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IMF evaluating potential economic, financial implications of Family Values Bill

The International Monetary Fund (IMF) says it is evaluating the potential economic and financial consequences of Ghana’s Human Sexual Rights and Family Values Bill, 2021 (anti-LGBTQ+ bill).

‘With respect to the specific piece of legislation, our team is evaluating the potential economic and financial implications of the legislation,’ Ms Julie Kozack, Director of Communications, IMF said.

She said this during IMF’s regular press briefing on Thursday, March 7, noting that it is through diversity and inclusiveness that economies flourish, as such the Fund ‘will continue to monitor the situation closely.’

This comes on the back of an internal memo of the Finance Ministry, which indicated that Ghana risked losing some US$3.8 billion in World Bank Financing should the President, Nana Addo Dankwa Akufo-Addo assent to the bill.

The Ministry also said such development could negatively impact the country’s foreign exchange reserves and exchange rate stability as well as external support to the 2034 budget.

It not
ed that there was no direct conditionality in the IMF- Extended Credit Facility (ECF) programme on the passage of the Bill, but financing assurances from development partners, including the World Bank were critical for the programme implementation.

‘Hence, the non-disbursement of the budget support from the World Bank will derail the IMF programme,’ the ministry stated in its brief on the impact of the President assenting to the bill on the Ghanaian economy.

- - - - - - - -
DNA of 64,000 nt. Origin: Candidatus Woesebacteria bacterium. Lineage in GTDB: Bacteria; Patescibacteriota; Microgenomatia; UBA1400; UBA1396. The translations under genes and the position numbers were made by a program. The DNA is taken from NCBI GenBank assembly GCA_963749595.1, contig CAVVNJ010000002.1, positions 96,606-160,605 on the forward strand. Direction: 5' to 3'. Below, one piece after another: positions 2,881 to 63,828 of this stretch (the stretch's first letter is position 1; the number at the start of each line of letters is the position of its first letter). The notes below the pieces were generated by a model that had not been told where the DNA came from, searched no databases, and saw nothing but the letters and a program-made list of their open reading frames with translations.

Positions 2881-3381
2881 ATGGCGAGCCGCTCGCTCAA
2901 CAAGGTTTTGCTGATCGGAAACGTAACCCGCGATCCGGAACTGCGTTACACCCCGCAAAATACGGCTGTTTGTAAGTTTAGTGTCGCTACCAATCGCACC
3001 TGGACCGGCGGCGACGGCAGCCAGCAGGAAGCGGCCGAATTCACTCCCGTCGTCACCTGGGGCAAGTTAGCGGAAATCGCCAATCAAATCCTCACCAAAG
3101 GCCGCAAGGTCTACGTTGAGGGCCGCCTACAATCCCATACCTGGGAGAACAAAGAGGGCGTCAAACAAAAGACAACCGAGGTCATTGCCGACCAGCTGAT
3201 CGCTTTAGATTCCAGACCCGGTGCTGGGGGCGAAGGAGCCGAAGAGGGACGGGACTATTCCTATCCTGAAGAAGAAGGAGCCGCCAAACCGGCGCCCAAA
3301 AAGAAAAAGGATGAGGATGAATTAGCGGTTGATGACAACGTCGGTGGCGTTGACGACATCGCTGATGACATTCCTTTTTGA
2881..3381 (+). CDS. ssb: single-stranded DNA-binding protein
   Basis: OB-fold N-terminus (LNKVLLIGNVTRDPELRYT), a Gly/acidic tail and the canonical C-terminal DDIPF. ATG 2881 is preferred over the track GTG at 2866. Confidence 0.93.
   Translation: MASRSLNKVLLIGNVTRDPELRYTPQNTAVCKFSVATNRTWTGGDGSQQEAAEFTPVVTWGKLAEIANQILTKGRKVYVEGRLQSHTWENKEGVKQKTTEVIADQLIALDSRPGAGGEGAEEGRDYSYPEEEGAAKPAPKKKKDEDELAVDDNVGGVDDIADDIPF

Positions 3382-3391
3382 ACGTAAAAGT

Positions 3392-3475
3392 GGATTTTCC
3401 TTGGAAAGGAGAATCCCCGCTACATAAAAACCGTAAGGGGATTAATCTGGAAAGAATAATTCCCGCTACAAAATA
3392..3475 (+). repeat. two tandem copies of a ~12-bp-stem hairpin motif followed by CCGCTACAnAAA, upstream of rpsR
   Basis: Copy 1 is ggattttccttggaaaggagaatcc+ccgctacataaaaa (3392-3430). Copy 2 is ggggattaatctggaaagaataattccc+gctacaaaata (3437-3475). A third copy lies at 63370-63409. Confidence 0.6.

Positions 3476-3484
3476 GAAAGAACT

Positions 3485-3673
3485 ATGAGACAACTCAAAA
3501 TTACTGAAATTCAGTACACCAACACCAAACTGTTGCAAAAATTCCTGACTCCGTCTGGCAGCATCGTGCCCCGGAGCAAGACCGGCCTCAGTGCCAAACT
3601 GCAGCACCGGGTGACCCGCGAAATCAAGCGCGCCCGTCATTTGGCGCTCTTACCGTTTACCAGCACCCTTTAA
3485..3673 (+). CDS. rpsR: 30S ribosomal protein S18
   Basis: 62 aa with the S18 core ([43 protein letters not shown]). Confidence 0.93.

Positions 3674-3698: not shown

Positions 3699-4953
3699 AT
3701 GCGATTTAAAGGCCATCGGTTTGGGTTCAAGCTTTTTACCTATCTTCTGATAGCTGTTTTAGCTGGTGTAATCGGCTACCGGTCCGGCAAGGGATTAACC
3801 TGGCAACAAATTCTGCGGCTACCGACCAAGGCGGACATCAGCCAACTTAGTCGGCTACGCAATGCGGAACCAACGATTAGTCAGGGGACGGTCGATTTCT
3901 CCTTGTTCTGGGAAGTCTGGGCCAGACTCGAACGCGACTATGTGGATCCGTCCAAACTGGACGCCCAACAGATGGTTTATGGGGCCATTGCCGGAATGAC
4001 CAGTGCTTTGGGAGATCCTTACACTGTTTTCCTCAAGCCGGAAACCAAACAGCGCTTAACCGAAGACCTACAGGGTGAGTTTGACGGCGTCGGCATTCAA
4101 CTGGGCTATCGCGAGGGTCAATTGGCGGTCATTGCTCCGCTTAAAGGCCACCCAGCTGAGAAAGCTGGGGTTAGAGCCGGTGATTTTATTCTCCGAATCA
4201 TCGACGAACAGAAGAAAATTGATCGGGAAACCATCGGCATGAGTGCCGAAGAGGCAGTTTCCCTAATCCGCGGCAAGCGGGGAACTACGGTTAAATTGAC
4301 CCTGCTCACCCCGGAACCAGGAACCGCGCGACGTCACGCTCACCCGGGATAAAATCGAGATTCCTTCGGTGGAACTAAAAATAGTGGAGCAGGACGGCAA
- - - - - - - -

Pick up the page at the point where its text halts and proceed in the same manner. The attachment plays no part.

Meanwhile, Ms Kozack said the Fund had observed that ‘signs of economic stabilisation are emerging’ in the Ghanaian economy with respect to the implementation of the three-year US$3bn ECF programme.

‘Growth in 2023 has proven to be more resilient than initially expected. Although volatile inflation has been declining rapidly, the fiscal and external positions have improved and exchange rate volatility has declined,’ she said.

‘Looking ahead, steadfast policy and reform implementation will be needed to fully and durably restore macroeconomic stability
and debt sustainability in Ghana,’ the IMF Director of Communications stated.

She also said that it would be crucial for the government to continue implementing the programme as envisaged to ensure sustainable growth and policy implementation.

Ghana received approval for its 17th loan-support programme with the IMF in May 2023 and has since received two tranches of funds, totalling, US$1.2 bn for the government’s Post COVID-19 Program for Economic Growth (PC-PEG).

The PC-PEG is aimed at restoring macroeconomic stability and debt sustainability to build resilience and lay the foundation for stronger and more inclusive growth.

This programme has been necessitated by large external shocks in the country, exacerbating Ghana’s pre-existing fiscal and debt vulnerabilities, resulting in a loss of international market access, increasingly constrained domestic financing, and reliance on monetary financing of the government.

Source: Ghana News Agency